Sculpture Classes Offer Multiple Perspectives

Sculpture is meant to be viewed from all angles. This creates unique challenges for both the artist and the audience. This spring, after-school programs at PS/MS 278 in Manhattan and MS 254 in The Bronx challenged students to expand their definition of what sculpture looks like.

Self-portrait sculptures inspired by Marisol

People are complicated. To paraphrase Walt Whitman, we contradict ourselves, we contain multitudes. How people see us depends a lot on who’s looking. Middle school students in a CAW after-school program at PS/MS 278 in Inwood experimented with this idea by creating self-portraits inspired by New York pop artist Marisol, who combined wooden blocks, found objects and photographs to created playful and perceptive portraits of celebrities and ordinary people.

Teaching Artist Brandi Martin-Yu, who often shares images of the curbside treasures she finds on her Instagram account, collected discarded building blocks for this project. Her students then created assemblages which they embellished with black and white photos of themselves and found objects, such as street maps and sheet music, that offer clues to their personality.

People can look you in the eye or they can look at your profile and see something different. Your friends and family see different sides of your personality as well. Nobody is just one thing but many. The challenge here was to create a self-portrait that looks like the artist but also suggests some of the mystery of their inner life.
— Teaching Artist Brandi Martin-Yu
People are complex.    Inspired by the work of pop artist    Marisol   , students constructed self portraits out of building blocks, photographs, collage, and found objects.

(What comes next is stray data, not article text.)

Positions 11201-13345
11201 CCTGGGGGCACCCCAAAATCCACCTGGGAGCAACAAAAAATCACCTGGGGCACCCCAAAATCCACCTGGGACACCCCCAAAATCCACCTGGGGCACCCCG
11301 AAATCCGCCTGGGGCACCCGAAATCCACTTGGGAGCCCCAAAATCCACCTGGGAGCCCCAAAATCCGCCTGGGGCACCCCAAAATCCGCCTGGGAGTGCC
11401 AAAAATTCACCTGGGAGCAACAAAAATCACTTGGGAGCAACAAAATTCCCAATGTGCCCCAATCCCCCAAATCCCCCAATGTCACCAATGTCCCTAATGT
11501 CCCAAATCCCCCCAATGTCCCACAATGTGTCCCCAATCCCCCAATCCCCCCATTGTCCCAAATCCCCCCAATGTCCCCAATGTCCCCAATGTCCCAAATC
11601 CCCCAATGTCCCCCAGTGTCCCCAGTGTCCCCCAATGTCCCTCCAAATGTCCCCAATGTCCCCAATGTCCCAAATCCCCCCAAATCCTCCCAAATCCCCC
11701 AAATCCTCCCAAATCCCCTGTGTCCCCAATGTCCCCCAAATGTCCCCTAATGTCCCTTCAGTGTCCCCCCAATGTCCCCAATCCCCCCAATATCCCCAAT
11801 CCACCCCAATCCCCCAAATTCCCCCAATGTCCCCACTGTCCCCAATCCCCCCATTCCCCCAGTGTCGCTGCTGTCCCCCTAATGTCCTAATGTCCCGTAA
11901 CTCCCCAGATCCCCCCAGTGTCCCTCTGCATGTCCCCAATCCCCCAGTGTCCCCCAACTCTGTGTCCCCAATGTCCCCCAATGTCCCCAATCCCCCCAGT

People are complex. Inspired by the work of pop artist Marisol, students constructed self portraits out of building blocks, photographs, collage, and found objects.

more complex

Nylon stockings stretched over wire coat hangers inspired by the work of Jean Arp

At MS 254, students mastered the basics techniques of building traditional clay objects such as pinch pots, coil pots, and bas relief tile boxes, before progressing to more complex challenges.

CAW Teaching Artist Liza Cucco introduced her students to the abstract curvilinear sculptures of Jean Arp. Students emulated Arp’s style by stretching nylon stockings over curving armatures made from coat hangers and florist foam. They then coated their sculptures with gesso before pain

From 3D to 2D back to 3D:

An MS 254 student with a scale drawing of his headphone many times larger than life.

One of the challenges of sculpture is learning how to think in three dimensions. A project inspired by Claes Oldenberg’s gigantic sculptures of everyday objects offered students a chance to try out several methods to visualize their finished piece before they committed to working on it, including sketching, drawing up scale plans, and using a model.

Students used basic math to scale up real objects onto paper before constructing their giant sculptures from cardboard, newspaper, masking tape, glue and paint. The large scale of the project necessitated teamwork, as well as patience. Students had to think ingenious ways of creating the illusion of volume.

The ginormous sculptures included a pair of sunglasses, a deck of cards, a lightbulb, and a pair of headphones. Check them out in the gallery show below.

These Creative Art Works programs are supported, in part, by public funds from the New York City Department of Cultural Affairs and the Cultural After-School Adventures (CASA) Initiative in partnership with the City Council and Council Members Mark Levine (PSMS 278) and Ritchie Torres (MS 254).